• FIG. 14 is another example of a data summary window in a patient timeline analysis user interface
  • FIG. 15 is one example of a patient survival analysis user interface
  • FIG. 16 is another example of a patient survival analysis user interface
  • FIG. 17 is another example of a patient survival analysis user interface
  • FIG. 18 is another example of a patient survival analysis user interface
  • FIG. 19 is another example of a patient survival analysis user interface
  • FIG. 20 is another example of a patient survival analysis user interface
  • FIG. 21 is an example of a patient event likelihood analysis user interface
  • FIG. 22 is another example of a patient event likelihood analysis user interface
  • FIG. 23 is another example of a patient event likelihood analysis user interface
  • FIG. 24 is another example of a patient event likelihood analysis user interface
  • FIGS. 25 A and 25 B show an example of a binary decision tree for determining outliers usable with respect to the patient event likelihood analysis user interface
  • FIG. 26 shows a sample timeline of an anchor event with an associated progression window
  • FIGS. 27 A and 27 B show an example of adaptive feature ranking in accordance with embodiments of the SAFE algorithm
  • FIG. 27 C shows an example of handling of correlated features in accordance with embodiments of the SAFE algorithm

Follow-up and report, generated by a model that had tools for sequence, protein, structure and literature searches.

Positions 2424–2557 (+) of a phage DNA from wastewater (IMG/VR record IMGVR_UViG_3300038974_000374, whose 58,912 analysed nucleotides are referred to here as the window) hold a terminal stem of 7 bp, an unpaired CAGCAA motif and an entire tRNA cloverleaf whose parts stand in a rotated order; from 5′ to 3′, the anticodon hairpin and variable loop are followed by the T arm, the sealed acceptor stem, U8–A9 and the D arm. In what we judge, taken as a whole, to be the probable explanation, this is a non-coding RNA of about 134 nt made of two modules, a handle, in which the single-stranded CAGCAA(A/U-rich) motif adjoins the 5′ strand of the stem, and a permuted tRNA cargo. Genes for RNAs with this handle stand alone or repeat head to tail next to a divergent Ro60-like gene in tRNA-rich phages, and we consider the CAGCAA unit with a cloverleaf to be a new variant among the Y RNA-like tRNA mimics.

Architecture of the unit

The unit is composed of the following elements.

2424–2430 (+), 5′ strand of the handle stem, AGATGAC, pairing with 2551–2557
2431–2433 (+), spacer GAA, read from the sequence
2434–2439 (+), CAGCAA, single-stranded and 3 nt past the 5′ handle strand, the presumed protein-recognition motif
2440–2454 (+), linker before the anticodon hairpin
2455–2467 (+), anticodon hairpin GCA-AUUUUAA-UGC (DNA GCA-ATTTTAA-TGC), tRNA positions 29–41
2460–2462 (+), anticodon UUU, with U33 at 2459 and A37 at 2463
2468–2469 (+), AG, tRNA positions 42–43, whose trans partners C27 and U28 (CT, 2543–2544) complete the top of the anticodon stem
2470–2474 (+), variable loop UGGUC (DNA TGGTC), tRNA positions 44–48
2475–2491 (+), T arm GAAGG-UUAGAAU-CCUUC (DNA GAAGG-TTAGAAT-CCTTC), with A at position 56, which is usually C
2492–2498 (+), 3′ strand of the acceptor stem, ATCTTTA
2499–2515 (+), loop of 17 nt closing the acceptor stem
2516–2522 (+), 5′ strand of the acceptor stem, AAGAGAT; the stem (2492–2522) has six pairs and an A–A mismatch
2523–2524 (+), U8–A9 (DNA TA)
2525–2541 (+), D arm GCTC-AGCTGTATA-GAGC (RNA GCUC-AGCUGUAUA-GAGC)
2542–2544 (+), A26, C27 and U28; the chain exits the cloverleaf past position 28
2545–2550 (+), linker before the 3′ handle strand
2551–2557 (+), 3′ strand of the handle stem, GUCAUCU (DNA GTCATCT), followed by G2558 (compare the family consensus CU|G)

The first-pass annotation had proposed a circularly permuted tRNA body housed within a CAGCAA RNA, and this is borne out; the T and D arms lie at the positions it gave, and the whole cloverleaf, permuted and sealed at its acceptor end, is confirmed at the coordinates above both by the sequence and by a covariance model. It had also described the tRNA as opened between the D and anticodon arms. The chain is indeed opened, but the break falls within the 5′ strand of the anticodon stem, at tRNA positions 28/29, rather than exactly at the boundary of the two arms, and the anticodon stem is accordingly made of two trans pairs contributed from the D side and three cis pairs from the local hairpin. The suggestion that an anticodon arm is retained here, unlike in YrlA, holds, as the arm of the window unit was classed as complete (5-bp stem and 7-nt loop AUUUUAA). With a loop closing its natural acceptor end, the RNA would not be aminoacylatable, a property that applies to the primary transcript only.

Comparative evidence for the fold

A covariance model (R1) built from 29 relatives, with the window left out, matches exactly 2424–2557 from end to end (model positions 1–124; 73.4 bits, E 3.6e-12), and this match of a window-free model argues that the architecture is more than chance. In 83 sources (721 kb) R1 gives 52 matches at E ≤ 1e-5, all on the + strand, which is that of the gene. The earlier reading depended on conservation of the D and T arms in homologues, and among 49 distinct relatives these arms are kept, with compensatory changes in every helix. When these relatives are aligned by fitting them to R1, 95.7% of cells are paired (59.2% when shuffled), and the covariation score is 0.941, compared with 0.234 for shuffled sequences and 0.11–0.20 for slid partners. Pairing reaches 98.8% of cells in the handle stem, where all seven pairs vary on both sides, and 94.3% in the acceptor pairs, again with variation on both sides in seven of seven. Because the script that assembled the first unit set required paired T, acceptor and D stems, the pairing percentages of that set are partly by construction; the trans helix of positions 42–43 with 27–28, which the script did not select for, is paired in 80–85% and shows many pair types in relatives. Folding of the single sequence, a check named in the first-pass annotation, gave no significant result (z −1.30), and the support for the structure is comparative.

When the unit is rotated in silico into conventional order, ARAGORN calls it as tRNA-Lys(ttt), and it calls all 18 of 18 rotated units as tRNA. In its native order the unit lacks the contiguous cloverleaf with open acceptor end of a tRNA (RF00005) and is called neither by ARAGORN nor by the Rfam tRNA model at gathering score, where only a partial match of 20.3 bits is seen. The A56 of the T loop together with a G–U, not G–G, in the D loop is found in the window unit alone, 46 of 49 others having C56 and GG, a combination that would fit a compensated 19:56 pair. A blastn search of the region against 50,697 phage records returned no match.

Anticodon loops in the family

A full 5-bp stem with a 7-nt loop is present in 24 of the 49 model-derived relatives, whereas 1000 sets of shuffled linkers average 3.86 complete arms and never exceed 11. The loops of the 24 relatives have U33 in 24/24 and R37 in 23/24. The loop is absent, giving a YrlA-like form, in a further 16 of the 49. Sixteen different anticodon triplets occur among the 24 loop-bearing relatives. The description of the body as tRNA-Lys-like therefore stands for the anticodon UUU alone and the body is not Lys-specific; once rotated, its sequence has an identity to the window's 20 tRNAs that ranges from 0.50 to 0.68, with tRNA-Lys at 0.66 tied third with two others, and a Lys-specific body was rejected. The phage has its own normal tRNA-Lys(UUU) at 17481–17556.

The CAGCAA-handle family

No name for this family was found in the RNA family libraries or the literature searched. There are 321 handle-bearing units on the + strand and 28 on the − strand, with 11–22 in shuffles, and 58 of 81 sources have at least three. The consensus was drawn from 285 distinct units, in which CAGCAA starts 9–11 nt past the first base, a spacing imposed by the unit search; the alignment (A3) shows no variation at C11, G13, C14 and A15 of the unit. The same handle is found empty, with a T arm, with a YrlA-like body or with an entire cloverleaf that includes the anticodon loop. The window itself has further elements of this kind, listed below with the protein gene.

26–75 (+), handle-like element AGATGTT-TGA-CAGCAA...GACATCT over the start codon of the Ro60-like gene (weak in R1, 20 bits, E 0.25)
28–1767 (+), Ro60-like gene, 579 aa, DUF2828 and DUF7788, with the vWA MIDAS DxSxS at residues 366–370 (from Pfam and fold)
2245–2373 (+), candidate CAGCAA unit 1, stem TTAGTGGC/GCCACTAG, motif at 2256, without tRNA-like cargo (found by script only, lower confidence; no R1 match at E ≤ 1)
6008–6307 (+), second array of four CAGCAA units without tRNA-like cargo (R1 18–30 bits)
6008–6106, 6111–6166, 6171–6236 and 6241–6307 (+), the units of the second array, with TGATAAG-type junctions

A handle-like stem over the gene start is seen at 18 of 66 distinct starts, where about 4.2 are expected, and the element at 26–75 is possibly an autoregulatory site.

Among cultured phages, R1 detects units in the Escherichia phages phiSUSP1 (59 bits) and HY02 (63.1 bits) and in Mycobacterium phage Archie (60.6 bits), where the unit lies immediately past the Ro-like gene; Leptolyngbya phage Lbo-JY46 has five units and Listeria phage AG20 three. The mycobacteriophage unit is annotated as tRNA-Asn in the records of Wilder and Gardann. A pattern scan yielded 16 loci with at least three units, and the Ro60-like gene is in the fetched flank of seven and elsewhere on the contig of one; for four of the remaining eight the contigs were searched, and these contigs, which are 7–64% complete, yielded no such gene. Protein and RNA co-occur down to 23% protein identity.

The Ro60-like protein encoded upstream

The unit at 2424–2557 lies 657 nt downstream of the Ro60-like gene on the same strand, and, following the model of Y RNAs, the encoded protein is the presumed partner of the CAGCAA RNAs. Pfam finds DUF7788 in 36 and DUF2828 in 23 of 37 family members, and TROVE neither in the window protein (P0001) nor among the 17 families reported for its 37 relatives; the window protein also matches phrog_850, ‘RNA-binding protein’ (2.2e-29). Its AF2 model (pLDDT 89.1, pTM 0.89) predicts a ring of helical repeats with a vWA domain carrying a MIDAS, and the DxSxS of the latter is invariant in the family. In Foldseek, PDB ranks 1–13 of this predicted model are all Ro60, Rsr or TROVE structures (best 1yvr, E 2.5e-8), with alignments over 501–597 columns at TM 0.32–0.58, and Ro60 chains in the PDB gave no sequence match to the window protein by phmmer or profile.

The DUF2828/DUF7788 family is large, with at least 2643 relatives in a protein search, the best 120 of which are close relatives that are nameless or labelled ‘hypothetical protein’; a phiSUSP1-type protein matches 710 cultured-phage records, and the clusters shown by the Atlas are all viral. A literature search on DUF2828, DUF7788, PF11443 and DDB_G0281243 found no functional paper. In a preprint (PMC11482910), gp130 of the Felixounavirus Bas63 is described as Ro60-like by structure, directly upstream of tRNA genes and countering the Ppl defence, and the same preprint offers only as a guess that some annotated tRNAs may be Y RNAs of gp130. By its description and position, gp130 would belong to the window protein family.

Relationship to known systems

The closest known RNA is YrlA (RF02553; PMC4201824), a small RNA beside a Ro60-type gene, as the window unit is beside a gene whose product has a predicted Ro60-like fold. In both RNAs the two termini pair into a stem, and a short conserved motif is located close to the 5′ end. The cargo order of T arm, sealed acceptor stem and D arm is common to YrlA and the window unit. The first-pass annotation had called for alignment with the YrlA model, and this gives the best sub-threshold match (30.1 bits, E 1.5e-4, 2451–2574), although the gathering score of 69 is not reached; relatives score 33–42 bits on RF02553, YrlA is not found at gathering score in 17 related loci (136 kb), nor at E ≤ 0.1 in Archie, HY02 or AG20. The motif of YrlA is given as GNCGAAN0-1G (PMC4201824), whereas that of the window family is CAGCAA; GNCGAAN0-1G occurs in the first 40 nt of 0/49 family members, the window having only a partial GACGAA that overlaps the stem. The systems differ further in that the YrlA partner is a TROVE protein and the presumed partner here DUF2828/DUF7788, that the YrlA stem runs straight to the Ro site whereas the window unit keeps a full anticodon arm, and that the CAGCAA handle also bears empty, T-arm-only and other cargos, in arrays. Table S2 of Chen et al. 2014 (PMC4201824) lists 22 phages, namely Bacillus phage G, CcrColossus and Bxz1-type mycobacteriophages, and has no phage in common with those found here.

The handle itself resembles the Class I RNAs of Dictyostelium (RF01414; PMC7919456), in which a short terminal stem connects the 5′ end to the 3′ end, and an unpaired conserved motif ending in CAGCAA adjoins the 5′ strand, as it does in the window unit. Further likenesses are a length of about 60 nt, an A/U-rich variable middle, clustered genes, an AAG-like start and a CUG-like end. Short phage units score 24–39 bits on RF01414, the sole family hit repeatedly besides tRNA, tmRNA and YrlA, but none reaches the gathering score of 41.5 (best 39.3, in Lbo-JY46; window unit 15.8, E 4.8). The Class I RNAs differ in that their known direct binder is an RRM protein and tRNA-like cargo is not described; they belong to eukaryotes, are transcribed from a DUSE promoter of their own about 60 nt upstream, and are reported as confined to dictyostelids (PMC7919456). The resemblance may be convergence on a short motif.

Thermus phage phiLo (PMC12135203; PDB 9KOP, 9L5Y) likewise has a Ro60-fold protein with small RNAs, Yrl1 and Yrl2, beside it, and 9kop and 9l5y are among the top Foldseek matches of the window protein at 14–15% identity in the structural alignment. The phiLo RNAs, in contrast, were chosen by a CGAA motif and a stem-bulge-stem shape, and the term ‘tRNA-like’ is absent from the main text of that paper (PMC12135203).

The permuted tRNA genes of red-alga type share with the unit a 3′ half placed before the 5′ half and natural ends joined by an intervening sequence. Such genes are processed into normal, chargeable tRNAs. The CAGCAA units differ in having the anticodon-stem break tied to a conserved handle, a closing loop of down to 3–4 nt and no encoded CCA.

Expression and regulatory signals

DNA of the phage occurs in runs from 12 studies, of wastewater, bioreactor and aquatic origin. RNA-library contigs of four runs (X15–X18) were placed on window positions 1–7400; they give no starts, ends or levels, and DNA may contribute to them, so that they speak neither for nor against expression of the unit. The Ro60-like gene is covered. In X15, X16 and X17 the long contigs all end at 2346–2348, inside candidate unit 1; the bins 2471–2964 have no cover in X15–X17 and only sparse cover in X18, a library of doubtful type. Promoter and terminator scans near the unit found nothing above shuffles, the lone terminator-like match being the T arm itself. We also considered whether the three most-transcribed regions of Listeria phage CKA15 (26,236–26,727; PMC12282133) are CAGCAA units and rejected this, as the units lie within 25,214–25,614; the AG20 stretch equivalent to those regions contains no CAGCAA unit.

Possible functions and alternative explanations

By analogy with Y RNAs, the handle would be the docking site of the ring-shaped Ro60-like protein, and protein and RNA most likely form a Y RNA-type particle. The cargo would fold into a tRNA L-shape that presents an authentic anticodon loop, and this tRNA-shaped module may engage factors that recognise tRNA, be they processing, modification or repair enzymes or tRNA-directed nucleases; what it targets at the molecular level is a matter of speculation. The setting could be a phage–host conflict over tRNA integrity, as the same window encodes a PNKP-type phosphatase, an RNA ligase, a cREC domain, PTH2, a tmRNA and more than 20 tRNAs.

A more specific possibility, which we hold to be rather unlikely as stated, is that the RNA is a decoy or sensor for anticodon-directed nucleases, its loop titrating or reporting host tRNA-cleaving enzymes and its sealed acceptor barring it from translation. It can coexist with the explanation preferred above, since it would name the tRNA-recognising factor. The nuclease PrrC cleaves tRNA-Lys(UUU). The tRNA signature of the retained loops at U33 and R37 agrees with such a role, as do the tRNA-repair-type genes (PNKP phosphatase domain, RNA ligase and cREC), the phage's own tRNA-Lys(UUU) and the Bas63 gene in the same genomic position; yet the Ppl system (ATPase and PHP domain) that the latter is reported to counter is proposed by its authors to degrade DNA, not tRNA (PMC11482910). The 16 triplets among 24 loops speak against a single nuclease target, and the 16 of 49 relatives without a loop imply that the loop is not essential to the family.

• FIGS. 27 D and 27 E show an example of sample-level importance assignment in accordance with embodiments of the SAFE algorithm
  • FIG. 28 shows an example of using patient folds for cross-validation
  • FIG. 29 illustrates an example of a user interface of the Interactive Analysis Portal for generating analytics via one or more notebooks according to certain embodiments
  • FIG. 30 illustrates a workbook generation interface of the Interactive Analysis Portal for creating a new workbook according to an embodiment
  • FIG. 31 illustrates opening a preconfigured template from the custom workbooks widget of the notebook user interface
  • FIG. 32 illustrates a response from the notebook user interface when a user drags a workbook into the viewing window
  • FIG. 33 illustrates an edit cell view of a custom workbook after the user loads a workbook into workbook editor and selects edit from the cell UIE;